UK Prime Minister's advisor hails recycling as climate change action

The Prime Minister’s “green guru”, Sir Jonathon Porritt, has championed the contribution of recycling to UK action on climate change.

While last week’s Stern Review may have suggested government priorities should lie with energy concerns in the battle against climate change, Sir Jonathan said this morning that the importance of recycling should not be overlooked.

We should be defensive about the contribution of recycling to combating climate change. - Sir Jonathon Porritt Sir Jonathon, who was appointed by Tony Blair to lead the independent Sustainable Development Commission six years ago, said: “Some people still don’t get the connection between climate change and recycling.”

He cited research that suggested that the UK recycling sector is achieving emission cuts equivalent to taking 3.5 million cars off the roads.

He said: “Studies show that recycling offers more environmental benefits and lower impacts than other waste management options. The results are clear and positive for recycling, it delivers between 10 to 15 million tonnes of carbon dioxide equivalent emission cuts compared to the current mix of landfill and energy-from-waste.”

Addressing the WRAP-organised MRF Symposium in central London, Sir Jonathon said it was “appropriate” for government to be looking to increase current recycling targets in the English waste strategy review.

Press reports
The former Green Party chairman and Friends of the Earth director also called for a stronger defence for recycling against press reports casting a negative light on the benefits of recycling waste.

He said: “Pub talk will often have us believe that local authorities go to enormous lengths to collect separated recyclable waste from households only to go and dump it in landfill. The other apocryphal story we have is Mr Jones, who drives 62 miles to drop a bottle in a bottle bank and thereby causes the climate to change. But this is not the standard case in the UK.”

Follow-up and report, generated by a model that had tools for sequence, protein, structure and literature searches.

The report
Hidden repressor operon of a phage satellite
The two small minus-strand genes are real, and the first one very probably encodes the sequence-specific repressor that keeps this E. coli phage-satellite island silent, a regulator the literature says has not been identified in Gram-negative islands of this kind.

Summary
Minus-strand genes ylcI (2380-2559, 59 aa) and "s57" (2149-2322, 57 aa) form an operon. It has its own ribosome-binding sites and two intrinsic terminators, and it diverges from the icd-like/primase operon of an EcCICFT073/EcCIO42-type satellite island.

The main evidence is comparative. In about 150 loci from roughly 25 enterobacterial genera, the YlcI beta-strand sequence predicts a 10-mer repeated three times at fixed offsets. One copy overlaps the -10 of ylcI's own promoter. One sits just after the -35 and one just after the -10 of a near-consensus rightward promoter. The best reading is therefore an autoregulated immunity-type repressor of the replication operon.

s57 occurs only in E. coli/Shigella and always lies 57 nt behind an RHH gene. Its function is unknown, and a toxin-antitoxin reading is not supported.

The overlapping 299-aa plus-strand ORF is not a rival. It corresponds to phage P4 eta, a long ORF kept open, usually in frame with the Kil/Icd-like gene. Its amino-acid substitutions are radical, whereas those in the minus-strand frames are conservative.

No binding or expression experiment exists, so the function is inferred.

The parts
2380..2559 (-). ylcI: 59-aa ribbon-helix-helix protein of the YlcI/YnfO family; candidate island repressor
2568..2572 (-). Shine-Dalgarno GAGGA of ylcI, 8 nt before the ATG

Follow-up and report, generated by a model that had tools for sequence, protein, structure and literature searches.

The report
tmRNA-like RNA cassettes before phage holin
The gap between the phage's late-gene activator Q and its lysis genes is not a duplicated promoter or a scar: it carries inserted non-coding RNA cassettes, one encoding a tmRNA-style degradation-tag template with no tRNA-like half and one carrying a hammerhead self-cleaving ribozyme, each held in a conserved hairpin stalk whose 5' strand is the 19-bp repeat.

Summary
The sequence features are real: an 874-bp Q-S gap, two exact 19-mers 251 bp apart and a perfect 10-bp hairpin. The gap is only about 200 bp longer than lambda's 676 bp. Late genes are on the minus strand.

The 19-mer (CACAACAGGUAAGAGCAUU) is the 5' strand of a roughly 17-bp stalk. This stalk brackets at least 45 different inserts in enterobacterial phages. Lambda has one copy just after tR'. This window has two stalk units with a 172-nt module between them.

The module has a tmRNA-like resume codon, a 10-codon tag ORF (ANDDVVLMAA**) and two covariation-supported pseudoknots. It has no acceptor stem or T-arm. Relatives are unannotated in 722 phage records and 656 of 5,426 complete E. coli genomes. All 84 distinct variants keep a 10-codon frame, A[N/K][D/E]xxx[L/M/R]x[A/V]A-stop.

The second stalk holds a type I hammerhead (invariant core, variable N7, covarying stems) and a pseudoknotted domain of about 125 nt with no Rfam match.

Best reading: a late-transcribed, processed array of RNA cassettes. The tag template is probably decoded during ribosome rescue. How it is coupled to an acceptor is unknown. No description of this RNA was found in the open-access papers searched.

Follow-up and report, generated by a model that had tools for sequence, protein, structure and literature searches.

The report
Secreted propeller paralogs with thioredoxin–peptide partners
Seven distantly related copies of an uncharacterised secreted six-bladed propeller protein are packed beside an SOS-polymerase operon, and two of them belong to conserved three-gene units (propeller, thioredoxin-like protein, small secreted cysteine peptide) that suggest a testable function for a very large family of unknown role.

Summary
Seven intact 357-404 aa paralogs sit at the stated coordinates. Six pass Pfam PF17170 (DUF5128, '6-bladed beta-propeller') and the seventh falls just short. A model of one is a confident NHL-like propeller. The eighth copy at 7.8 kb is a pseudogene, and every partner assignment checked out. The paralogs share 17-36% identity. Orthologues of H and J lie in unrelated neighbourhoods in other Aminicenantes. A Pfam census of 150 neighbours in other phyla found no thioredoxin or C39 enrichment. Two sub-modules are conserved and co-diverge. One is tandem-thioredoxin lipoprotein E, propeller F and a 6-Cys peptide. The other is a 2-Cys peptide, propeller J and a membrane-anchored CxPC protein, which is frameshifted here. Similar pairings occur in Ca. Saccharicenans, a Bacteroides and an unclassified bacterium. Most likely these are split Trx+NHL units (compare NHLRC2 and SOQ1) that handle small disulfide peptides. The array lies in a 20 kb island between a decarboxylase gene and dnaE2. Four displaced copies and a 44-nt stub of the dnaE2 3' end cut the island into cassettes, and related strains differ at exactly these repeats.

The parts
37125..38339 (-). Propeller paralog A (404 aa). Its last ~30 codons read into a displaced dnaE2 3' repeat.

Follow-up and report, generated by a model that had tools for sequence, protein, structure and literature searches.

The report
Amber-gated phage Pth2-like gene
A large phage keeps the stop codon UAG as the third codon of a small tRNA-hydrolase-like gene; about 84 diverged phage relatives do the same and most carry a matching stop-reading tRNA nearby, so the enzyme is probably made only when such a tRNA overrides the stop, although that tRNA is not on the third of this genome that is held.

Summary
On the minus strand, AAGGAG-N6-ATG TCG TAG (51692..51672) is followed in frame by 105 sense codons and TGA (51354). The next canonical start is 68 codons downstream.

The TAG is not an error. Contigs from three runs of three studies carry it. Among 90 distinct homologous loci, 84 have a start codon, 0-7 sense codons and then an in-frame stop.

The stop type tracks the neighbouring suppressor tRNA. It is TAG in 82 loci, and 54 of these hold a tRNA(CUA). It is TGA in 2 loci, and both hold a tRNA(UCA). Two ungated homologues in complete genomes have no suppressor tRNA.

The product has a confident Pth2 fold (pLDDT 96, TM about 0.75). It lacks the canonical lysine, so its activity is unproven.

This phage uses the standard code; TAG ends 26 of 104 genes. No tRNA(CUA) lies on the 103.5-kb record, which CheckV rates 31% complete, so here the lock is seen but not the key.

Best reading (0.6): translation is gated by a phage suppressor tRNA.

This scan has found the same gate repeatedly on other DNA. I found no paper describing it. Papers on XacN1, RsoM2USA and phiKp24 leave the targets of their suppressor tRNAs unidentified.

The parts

“We should be defensive about the contribution of recycling to combating climate change,” Sir Jonathon added.

Nevertheless, he suggested the recycling sector has lessons to teach the government in engaging with householders to change their environmental behaviour in areas like energy efficiency.

Within a panel discussion at the event, the senior Defra official Neil Thornton revealed that discussions with environment secretary David Miliband have highlighted the contribution of recycling to Mr Miliband’s new “carbon agenda”.

Mr Thornton, Defra’s director of environment quality and waste, said: “I have had some debate with David Miliband about the carbonification of the waste strategy. Carbon means we can be less apologetic about the Landfill Directive drivers – because they were originally set based on methane emissions.”

Commenting the day after the launch of Defra’s new residual waste treatment support unit for local authorities (see story), Sir Jonathon Porritt also attacked the government’s encouragement of “mass-burn” incineration within Private Finance Initiative waste contracts.

He demanded: “Who is going to take on the Treasury and get them to weed out the inherent idiocies in PFI contracts that restrict local authorities with the radical mix of new technologies available to them?”

But Mr Thornton said: “We have quite a bit of research on carbon impact of different waste management options.

“We see no conflict between higher rates of recycling and maximising levels of energy recovery for the material left over, because that has clear benefits of carbon-saving,” Mr Thornton added.

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